After 11 years of bringing you local reporting, the team behind the Vancouver Observer has moved on to Canada's National Observer. You can follow Vancouver culture reporting over there from now on. Thank you for all your support over the years!

Dogwood Pearson Policy Statement: Human dignity vs. development plans

VCH wants to develop the Pearson Dogwood complex, bringing in money from apartment rentals. However, seniors and disabled Vancouverites don't want more institutionalized living.

Chris Morrissey, Chair, Seniors Advisory Committee, speaking against the Pearson Dogwood Policy Statement.

Redeveloping vs reimagining

Disabled Vancouverites treated like cogs in a machine, even their midday naps subjected to rules and regulations. Individuals deprived of the right to live their own lives, arbitrarily disallowed from seeing their loved ones. First Nations Vancouverites living with disabilities, separated from their culture.

Welcome to institutionalized living, which is now under scrutiny at City Hall.

Vancouver City Council has been asked to approve the Pearson Dogwood Policy Statement, which will guide the surely-forthcoming rezoning application for Pearson Centre and Dogwood Lodge.

Pearson Dogwood is nestled in Marpole. Bordered by Cambie Street, Heather Street, West 57th Ave, and West 59th Ave, Pearson Dogwood is owned and operated by Vancouver Coastal Health (VCH). Pearson Centre provides care for the disabled, while Dogwood Lodge is a senior living facility.

This time, it's not about real estate

Basically, VCH wants to develop part of the property into rental apartments, using the income to rebuild the site’s healthcare facilities. For VCH, this is a revenue-generation opportunity. For opponents of the Pearson Dogwood Policy Statement, it's a chance for Vancouver's local government to define a new direction in health care.

VCH is anticipating greater value at the site, since a new SkyTrain station will eventually open at 57th and Cambie. 20% of the future units will be non-market housing; the City includes this as lining up with its affordable housing plan, but it’s been written here and elsewhere that cheaper rental housing and “affordable housing” are not the same thing.

The sticking point of the Pearson Dogwood Policy Statement, though, has little to do with the real estate aspect of the plan.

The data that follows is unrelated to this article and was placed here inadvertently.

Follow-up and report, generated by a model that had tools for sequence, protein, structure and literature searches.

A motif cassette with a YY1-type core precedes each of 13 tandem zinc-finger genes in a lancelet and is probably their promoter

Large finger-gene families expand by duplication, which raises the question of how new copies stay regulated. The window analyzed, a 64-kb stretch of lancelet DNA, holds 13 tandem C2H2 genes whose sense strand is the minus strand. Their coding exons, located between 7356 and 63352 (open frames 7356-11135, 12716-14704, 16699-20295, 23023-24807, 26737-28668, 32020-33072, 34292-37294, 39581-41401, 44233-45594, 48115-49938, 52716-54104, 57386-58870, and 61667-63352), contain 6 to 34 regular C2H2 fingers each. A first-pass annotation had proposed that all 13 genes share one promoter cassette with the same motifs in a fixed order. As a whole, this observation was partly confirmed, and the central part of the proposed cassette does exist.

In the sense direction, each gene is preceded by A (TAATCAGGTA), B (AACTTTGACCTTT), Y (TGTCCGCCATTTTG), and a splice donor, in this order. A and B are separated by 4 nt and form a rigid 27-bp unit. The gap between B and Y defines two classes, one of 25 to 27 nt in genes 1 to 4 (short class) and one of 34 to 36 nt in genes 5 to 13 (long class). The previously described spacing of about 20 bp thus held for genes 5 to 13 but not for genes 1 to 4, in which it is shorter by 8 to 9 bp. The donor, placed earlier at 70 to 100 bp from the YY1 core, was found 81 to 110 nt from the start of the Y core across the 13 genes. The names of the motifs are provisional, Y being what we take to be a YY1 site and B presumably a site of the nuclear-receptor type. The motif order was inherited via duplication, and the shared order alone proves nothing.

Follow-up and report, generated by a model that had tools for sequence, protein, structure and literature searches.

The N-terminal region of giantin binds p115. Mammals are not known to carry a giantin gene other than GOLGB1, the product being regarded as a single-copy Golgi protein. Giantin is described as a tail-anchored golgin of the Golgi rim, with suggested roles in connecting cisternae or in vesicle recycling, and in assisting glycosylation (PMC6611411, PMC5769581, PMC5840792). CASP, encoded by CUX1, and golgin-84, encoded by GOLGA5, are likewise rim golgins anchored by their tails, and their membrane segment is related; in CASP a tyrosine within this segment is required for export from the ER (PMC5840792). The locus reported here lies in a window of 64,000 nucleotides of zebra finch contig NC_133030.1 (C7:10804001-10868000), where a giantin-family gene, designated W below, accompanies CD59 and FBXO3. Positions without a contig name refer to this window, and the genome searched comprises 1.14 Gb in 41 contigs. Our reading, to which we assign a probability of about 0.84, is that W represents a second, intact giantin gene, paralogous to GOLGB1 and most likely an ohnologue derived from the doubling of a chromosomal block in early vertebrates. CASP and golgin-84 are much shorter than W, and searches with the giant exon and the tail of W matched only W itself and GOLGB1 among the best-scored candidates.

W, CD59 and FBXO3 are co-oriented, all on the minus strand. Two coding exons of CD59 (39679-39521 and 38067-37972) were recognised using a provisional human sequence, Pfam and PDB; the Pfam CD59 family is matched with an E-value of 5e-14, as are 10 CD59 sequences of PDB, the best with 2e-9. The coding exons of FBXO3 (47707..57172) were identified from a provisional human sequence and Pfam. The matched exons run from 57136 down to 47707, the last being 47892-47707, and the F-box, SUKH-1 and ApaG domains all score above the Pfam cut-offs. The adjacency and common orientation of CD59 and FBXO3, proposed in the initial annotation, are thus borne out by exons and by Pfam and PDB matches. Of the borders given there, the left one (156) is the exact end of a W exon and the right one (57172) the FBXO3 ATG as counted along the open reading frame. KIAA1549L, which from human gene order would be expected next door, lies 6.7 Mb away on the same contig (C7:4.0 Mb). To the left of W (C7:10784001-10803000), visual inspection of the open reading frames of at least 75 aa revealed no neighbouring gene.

At issue is how we treat seniors and those living with disabilities. This argument goes well beyond a patch of Marpole real estate and jabs at the heart of our health-care industry.

The Pearson Dogwood Policy Statement would allow for institution-style healthcare facilities to be built: regimented dispensation of care without input from those receiving it.

Such institutions contravene Article 19 of the UN Convention on the Rights of Persons with Disabilities (" Living independently and being included in the community"), which Canada signed in 2010.

In other words, a policy statement for a future development would allow the health-care practices of yesteryear to persist.

Paralympic Gold Medalist Paul Gauthier said, "We cannot pass a policy statement here in Vancouver that allows for institutions to be built."

Chris Morrissey, Chair of the Seniors Advisory Committee, pointed out that the Pearson Dogwood Policy Statement did not have enough focus on Dogwood and the needs of seniors. "Where the hell are we?"

Morrissey acknowledged that the City has limited influence over this project, but expressed concern with lack of reference to housing for seniors besides those already living on the site.

As Vancouver's senior population grows, housing will be needed even more. Nothing in the proposal for "campus of care", from VCH or anyone else.  "We need to make a point... that housing and support cannot be separated when it comes to the needs of vulnerable people."

Jill Weiss of the Persons with Disabilities Advisory Committee argued that the proposal confines those with disabilities to life in an institution. They'd get care "in a segregated setting", receiving "the same regimented treatment". This model "deprives them of liberty, freedom, autonomy, and choice". People with severe disabilities still have civil and human rights.

This, said Weiss, is a rights issue and not a healthcare issue. Independent living, Weiss continued, is "best practice", while institutionalized living is "worst practice"; says that there is no contradictory evidence for this. Weiss was in tears as she told Council, "You said this wouldn't happen again, but it is happening again... Please help us live with dignity and equality in this city."

More in City

Living in an apartment with kids? Share your experiences

The City is seeking input from apartment-dwelling families with children to help plan for spaces that better meet their needs. As part of an update to the High-Density Housing for Families and...

Your water wise summer starts early this year

Today City Council approved a new Drinking Water Conservation By-Law to align with the Metro Vancouver Drinking Water Conservation Plan. Under the new by-law, watering restrictions will start on...

Temporary modular housing approved for Kaslo Street

The Director of Planning for the City of Vancouver, Gil Kelley, announced today the approval of a development permit to build 52 new temporary modular housing units at 4480 (formerly 4410) Kaslo...
Speak up about this article on Facebook or Twitter. Do this by liking Vancouver Observer on Facebook or following us @Vanobserver on Twitter. We'd love to hear from you.